Any album containing the lyric "the malaprops make me want to fucking scream" would always be a hot contender for my record of the year. Father John Misty lures you in with his John Denver-esque croon and then batters you about the head with his wittily painted pictures of a doomy world. Every song is a complicated situation grown even more complicated: "I've brought my mother's depression / You've got your father's scorn and a wayward aunt's schizophrenia" he sings breezily on the opening track, while "The Ideal Husband" finds him admitting that he "didn't call when Grandma died / I spend my money getting drunk and high". Somehow, although occasionally a tough listen and certainly fitting in the "embarrassingly confessional" bracket, FJM manages to entertain the hell out of you, with the music surprising, ambitious and crunchily performed. Unlike many misery-merchants, Misty actually sounds like he'd be a fun drinking partner (although I expect I'd need a taxi after about 90 minutes).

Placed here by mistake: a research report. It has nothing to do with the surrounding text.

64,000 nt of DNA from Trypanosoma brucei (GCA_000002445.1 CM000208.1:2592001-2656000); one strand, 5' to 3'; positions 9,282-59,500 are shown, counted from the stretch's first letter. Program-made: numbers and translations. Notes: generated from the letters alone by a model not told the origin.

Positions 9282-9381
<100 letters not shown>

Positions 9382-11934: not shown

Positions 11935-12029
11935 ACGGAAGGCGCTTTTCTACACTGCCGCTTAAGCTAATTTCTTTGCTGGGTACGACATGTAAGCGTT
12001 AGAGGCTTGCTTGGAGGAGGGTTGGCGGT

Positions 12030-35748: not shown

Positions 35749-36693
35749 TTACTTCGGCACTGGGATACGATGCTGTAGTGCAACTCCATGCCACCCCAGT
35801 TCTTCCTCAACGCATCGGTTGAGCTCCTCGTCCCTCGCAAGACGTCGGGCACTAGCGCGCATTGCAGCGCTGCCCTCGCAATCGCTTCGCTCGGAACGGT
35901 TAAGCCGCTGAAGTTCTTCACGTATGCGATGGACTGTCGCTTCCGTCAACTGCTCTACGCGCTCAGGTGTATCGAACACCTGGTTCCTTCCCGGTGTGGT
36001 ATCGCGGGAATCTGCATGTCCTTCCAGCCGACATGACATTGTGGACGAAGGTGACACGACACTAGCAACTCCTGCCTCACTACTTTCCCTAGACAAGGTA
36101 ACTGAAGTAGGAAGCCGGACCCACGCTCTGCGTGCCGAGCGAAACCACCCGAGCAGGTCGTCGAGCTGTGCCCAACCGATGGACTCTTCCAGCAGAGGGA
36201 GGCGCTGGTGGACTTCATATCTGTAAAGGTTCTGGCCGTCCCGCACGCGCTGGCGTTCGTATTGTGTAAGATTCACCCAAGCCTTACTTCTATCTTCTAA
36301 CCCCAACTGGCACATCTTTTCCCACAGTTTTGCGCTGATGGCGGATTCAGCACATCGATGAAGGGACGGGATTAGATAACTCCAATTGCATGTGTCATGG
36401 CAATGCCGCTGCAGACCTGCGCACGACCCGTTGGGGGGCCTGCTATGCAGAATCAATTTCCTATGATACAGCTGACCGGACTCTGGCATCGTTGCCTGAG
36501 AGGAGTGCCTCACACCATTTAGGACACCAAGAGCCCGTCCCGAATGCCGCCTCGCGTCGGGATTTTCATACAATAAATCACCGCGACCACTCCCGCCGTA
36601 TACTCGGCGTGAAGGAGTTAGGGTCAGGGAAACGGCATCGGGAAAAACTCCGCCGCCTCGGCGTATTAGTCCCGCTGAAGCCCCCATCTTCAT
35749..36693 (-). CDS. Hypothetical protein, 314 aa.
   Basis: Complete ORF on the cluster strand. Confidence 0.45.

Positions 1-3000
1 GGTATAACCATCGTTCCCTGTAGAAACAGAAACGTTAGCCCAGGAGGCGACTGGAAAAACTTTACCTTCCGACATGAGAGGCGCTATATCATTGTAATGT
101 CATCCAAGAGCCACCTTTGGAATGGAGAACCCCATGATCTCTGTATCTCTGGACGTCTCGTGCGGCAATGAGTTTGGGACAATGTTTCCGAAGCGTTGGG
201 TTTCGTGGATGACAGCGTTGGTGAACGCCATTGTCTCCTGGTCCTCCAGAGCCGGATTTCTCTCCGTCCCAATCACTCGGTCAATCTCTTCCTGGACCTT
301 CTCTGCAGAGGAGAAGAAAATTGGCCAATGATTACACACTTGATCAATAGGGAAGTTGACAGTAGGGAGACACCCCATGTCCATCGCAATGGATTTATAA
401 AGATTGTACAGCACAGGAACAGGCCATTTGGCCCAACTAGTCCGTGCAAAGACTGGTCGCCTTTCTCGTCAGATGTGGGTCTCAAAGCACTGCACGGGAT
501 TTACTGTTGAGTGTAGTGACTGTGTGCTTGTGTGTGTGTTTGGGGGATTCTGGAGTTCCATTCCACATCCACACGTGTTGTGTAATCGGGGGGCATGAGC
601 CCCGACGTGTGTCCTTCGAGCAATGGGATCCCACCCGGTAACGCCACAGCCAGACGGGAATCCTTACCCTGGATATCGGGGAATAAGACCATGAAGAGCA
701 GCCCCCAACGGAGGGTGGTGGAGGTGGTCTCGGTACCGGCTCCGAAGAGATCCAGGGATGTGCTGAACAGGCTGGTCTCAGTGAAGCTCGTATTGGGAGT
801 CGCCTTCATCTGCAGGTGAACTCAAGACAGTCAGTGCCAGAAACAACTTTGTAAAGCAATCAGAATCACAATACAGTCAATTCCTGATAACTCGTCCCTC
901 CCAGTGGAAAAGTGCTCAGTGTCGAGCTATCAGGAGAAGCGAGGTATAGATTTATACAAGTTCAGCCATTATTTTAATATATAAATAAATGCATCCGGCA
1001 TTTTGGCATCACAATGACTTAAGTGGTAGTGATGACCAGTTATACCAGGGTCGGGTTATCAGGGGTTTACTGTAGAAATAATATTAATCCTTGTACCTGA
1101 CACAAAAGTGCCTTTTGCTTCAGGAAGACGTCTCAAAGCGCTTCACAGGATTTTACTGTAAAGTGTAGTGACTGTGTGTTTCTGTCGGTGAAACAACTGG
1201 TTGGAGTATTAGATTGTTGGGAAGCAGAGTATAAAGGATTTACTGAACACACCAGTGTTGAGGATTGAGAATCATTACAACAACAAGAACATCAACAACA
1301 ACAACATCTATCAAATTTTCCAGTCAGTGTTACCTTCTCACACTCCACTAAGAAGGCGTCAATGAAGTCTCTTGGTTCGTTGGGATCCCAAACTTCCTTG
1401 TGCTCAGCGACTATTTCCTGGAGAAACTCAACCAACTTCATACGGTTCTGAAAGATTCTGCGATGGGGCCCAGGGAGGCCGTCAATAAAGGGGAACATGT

8. The Staves - If I Was

I'm one of those firm believers that you could wander the earth for several years and never find three singers anywhere near as good as The Staves. Emily, Jessica and Camilla are capable of turning even the most apparently featureless corners of their music (and Lord knows, there aren't many of them) into a thing of complete beauty merely by shifting the notes in one of their legendary three-part harmonies and twisting it into something even more magical than it was already. Not that this is the only reason to give If I Was a spin: for one thing, they've got Bon Iver's Justin Vernon on production duties (akin, I imagine, to getting Christopher Nolan to assist with your new existential thriller), which has helped the already great songs bubble with atmosphere and a spellbinding sort of unease. "Damn It All", "Sadness Don't Own Me" and "Make It Holy" are among the best sounds to escape from my headphones in a long while, and have turned many a lengthy tour bus journey, staring out at some featurless European motorway, into my own private ultra-cool indie film.

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The Staves. Nice girls, unfortunately walking in the opposite direction.

7. This Is The Kit - Bashed Out